Decision-makers in the banking sector have a unique set of business intelligence needs, and artificial intelligence has been on the radar of banking executives for several years now. It follows that AI and machine learning would find their way into business intelligence applications for the banking sector.
In this report, we discuss AI-driven business intelligence software for the banking sector and their evidence of success. As it turns out, there isn’t much. The companies covered in this report all lack banking case studies for their business intelligence software, which may be indicative of the nascency of AI for this particular application in banking. That said, these companies do offer case studies for other sectors.
- Report Generation – creating reports with a variety of visualizations that suit the needs of employees at different departments
- Predictive Analytics – correlating enterprise data to find patterns on which executives can take action
In this report, we’ll discuss the uses cases of AI-driven business intelligence applications in the banking sector by taking a look at four vendors that offer AI software to banks. We’ll begin by examining the vendors offering report generation-related AI solutions:
SAS offers software called SAS Visual Analytics, which it claims can help banks provide their lead staff with self-service analytics and interactive reports using what appears to be a combination of predictive analytics and natural language processing. For banks, this analysis and reporting may be related to customer buying patterns, loan payments, or customer experience.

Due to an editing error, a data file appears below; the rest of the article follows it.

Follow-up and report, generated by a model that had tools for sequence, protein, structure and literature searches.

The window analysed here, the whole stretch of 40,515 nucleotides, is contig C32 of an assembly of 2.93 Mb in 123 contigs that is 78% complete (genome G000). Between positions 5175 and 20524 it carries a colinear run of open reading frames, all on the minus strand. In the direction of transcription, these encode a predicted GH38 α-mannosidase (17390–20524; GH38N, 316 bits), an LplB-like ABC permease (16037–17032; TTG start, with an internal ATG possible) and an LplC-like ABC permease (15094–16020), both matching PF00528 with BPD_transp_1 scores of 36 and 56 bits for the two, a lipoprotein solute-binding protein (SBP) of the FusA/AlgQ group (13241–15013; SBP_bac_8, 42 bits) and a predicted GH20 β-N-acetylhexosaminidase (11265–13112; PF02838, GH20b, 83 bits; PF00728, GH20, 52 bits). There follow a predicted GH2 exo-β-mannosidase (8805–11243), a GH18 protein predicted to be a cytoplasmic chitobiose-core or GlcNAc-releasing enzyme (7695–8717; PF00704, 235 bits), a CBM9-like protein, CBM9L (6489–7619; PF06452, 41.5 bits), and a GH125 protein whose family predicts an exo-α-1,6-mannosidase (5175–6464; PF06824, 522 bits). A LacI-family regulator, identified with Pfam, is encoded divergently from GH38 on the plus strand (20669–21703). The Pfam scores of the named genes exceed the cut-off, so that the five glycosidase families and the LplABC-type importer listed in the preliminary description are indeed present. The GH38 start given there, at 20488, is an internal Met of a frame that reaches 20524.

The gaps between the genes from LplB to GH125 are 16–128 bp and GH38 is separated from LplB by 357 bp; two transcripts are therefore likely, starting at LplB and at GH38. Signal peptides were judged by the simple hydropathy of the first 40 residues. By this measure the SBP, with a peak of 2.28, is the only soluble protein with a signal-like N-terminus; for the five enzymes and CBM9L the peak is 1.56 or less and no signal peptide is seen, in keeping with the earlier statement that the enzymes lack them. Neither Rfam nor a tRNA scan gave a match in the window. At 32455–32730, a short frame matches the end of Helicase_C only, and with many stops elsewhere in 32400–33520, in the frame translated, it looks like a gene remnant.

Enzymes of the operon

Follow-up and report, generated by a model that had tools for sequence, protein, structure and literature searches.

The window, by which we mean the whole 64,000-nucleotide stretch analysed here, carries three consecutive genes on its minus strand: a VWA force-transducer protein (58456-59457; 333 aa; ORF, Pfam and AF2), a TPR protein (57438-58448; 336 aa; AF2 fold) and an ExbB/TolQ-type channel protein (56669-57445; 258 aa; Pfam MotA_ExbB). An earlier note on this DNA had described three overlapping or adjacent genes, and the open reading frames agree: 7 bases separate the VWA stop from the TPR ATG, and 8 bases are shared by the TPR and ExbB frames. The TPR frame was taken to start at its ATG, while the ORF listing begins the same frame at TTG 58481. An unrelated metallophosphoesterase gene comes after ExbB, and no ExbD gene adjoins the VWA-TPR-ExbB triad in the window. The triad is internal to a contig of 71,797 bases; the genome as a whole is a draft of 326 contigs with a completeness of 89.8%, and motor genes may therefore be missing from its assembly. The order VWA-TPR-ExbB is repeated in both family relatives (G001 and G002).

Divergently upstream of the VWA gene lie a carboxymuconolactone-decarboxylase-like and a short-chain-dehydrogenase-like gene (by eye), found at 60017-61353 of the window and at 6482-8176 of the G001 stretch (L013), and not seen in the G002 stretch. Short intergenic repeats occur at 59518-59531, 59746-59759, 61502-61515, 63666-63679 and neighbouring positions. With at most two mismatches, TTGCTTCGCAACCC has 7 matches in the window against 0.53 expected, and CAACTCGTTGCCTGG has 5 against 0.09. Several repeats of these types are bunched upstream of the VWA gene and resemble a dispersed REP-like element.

This could be for strategies on gaining customers or to finding customers less likely to default on loans. SAS claims that in addition to the data analytics capabilities of its solution, it can also discern the sentiment behind text data, such as social media posts, and mark it as positive or negative. This is likely accomplished through natural language processing.
Below is an 8-minute video demonstrating how SAS Visual Analytics can segment customers. In this video, the demonstrator is able to segment the section of his customer base by 4:40:
We can infer the machine learning model behind the predictive analytics portion of the software needs to be trained on the client’s data related to banking transactions, customer profiles, and geolocation. For example, if a customer made an ATM withdrawal, the relevant data from that transaction would be the customer’s age, what gender they are, and where the ATM is relative to their bank. Customer segments could become more specific than this, however. The data would then be run through the software’s machine learning algorithm.